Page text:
Ethics & Public Policy Center

Lock, Stock and Two Smoking Barrels

Published in EPPC Online on January 1, 1999



The best thing about Lock, Stock and Two Smoking Barrels, written and directed by the Englishman, Guy Ritchie, is the plot. Long before Quentin Tarantino’s Reservoir Dogs and Pulp Fiction revolutionized the noir style of thriller and brought back the gangster movie in a new form, a tightly constructed, intricate plot was one of the glories of the movies. Ritchie’s film, which is otherwise regrettably too much indebted to Tarantino, is a work of old-fashioned craftsmanship when it comes to the plotting, and there is a genuine pleasure—just about enough to make the movie worth seeing—to be had out of admiring its exquisite joinery. Unfortunately, the Tarantinian elements—the artificial and self-consciously witty dialogue, the bizarre characters and the careful juxtapositions of the mundane with high-impact violence—are now overly familiar and more than a little stale-looking.

It would take far too long to recount the story in any detail, but it has to do with four guys, Eddie (Nick Moran), Tom (Jason Flemyng), Bacon (Jason Statham), and Soap (Dexter Fletcher), from the East End of London each of whom makes a contribution of £25,000 to get Eddie into a poker game run by Hatchet Harry (P.H. Moriarty), as the game’s minimum stake is £100,000. Eddie is great card player, and the others think he can’t lose. But the game is rigged. Eddie loses not only the stake but £500,000 in total. He has one week to come up with the money before Harry will begin to cut his fingers off—and those of his three friends. Harry’s real aim is to get the bar run by J.D. (Sting), Eddie’s father, but J.D. is unmoved by his son’s plight and refuses to sell. “Your bar or your son,” says Big Chris (Vinnie Jones)—himself a doting papa to Little Chris—on Harry’s behalf. J.D.has no hesitation in choosing the bar.

This leaves our heroes in need of a large sum of money, which they plan to acquire by robbing the robbers next door, led by the vicious Dog (Frank Harper), who are themselves planning to rob a third gang of drug wholesalers. The third gang is led by an ex-public school boy, Winston (Steven Mackintosh), but it is working under the protection of the psychopathically violent Rory Breaker (Vas Blackwood). Meanwhile, Harry employs two burglars to steal for him two antique shotguns worth several hundred thousand pounds. The burglars make a mistake and bring Harry the functional guns from the house, selling the antiques to Nick the Greek (Stephen Marcus) for use by Eddie and the gang in their robbery. Tom is worried that the antique gun is “lacking in criminal credibility” and is afraid of being laughed at. “I want to look mean,” he says.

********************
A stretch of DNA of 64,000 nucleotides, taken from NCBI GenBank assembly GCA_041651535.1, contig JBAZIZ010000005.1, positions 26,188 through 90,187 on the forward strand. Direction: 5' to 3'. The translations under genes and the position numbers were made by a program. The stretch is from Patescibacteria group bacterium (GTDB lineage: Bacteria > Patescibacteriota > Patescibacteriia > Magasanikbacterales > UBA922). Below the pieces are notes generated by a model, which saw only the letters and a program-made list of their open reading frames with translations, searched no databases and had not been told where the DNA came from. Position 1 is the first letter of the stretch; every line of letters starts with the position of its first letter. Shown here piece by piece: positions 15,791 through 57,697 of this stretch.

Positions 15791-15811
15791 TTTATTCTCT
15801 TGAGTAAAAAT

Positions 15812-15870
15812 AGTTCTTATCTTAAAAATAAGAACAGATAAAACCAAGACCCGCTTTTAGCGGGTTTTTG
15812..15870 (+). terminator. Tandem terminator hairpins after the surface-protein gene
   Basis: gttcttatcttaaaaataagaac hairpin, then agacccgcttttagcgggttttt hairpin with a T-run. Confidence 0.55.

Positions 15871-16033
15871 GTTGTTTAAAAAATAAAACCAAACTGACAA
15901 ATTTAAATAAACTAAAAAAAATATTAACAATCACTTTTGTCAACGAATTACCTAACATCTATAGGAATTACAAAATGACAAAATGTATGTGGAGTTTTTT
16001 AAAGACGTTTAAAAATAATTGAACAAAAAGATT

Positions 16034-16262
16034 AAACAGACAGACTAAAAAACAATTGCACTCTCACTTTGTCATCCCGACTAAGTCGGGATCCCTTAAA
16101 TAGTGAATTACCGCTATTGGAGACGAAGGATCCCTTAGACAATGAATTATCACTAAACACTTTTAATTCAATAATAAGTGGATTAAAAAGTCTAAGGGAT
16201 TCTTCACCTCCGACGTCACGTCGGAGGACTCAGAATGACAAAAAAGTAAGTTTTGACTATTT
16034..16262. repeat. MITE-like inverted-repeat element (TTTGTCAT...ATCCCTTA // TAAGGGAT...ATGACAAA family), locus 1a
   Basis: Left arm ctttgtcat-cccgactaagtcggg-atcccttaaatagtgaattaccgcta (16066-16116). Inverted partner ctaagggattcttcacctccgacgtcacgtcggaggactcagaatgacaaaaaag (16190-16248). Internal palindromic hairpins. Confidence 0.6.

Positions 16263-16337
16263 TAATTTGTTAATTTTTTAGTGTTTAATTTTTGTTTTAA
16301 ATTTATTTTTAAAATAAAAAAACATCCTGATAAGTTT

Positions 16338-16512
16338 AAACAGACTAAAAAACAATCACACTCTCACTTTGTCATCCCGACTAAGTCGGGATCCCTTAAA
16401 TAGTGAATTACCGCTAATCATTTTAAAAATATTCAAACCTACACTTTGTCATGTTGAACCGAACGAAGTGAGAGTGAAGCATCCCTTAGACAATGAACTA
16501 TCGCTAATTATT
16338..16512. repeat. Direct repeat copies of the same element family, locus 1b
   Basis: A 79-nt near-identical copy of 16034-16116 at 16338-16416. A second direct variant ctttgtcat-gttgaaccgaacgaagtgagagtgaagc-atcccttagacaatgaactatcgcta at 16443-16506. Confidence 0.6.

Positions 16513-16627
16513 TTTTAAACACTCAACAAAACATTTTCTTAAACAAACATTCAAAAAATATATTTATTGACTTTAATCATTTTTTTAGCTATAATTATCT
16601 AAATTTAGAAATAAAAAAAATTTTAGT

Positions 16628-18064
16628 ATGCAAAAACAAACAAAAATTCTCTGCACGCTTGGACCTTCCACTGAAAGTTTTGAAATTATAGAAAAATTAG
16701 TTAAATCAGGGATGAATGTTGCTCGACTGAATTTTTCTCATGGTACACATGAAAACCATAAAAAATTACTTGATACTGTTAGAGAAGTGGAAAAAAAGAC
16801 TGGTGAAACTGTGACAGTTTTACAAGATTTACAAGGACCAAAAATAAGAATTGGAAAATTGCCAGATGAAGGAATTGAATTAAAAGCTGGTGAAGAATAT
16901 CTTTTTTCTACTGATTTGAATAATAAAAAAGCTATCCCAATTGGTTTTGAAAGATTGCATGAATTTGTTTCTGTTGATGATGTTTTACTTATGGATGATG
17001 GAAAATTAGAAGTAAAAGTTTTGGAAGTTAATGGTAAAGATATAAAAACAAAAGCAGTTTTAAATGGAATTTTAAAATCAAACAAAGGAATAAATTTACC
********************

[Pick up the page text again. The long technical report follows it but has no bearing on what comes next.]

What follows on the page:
It could be the film’s motto, as a great deal of effort is put into making everybody look mean except for the four relatively likeable lads at its center. They look so mean that they’re funny—and therefore not mean. Perhaps the most successful at looking mean is Barry the Baptist (Lenny McLean), another of Harry the Hatchet’s muscle men who, it is said, “makes sure the administrative side of the business runs smoothly.” Barry got his nickname by holding people’s heads under water until they did what Harry wanted, and soon he is putting pressure, as only he knows how to do, on the burglars to retrieve the antiques from the burglars. This helps to set up a circle of thugs and killers all pursuing each other under the watchful eye of the loathsome Harry, who is identified by a brass plate on his door as a “Porn King.”

Barry the Baptist looks mean because he is mean. Or was, as he died shortly after filming was completed. As a former heavyweight champion among bare-knuckle (and therefore illegal) pugilists, he presumably had some experience among people like Harry and Barry. Likewise, Vinnie Jones, who plays Big Chris, is a popular football (i.e. soccer) star in Britain with a reputation for naughtiness. Others in the cast have histories as petty (or perhaps not so petty) criminals. Thus it is that words like “real” and “authentic” ring through the film’s press materials.

“It’s an exaggerated look,” clarifies Frank Harper, who plays criminal ringleader Dog. “but it is real, in that gangs do go around ripping one another off over drugs, and people do get into trouble financially, often through no fault of their own—which leads to them getting dragged into the criminal underworld. Lock, Stock and Two Smoking Barrels is funny, and it’s a cracking good story about life on the street”. . .Several of the cast had grown up and worked around the East End, giving their performances added authenticity. . .

But what in fact we notice is that the more of this kind of “authenticity” it has, the less authentic the movie seems to be. Ritchie himself is quoted as saying that “Comedy and gangsters are inseparable: the truer the villain, the funnier they are—not necessarily ‘Ha-Ha!’ funny. . .I found that I continually had to reign in the comedy elements so that it didn’t become too farcical.” There speaks a man, like Quentin Tarantino, whose principal acquaintance with gangsters is in the movies. But there is really no advance on the Tarantinan formula here, of violent, conscienceless and even psychopathic louts and thugs making jokes out of their criminal activities as a way, paradoxically, of making them seem more “real.” Note for future reference: in postmodern thought, “real” means “not real.”

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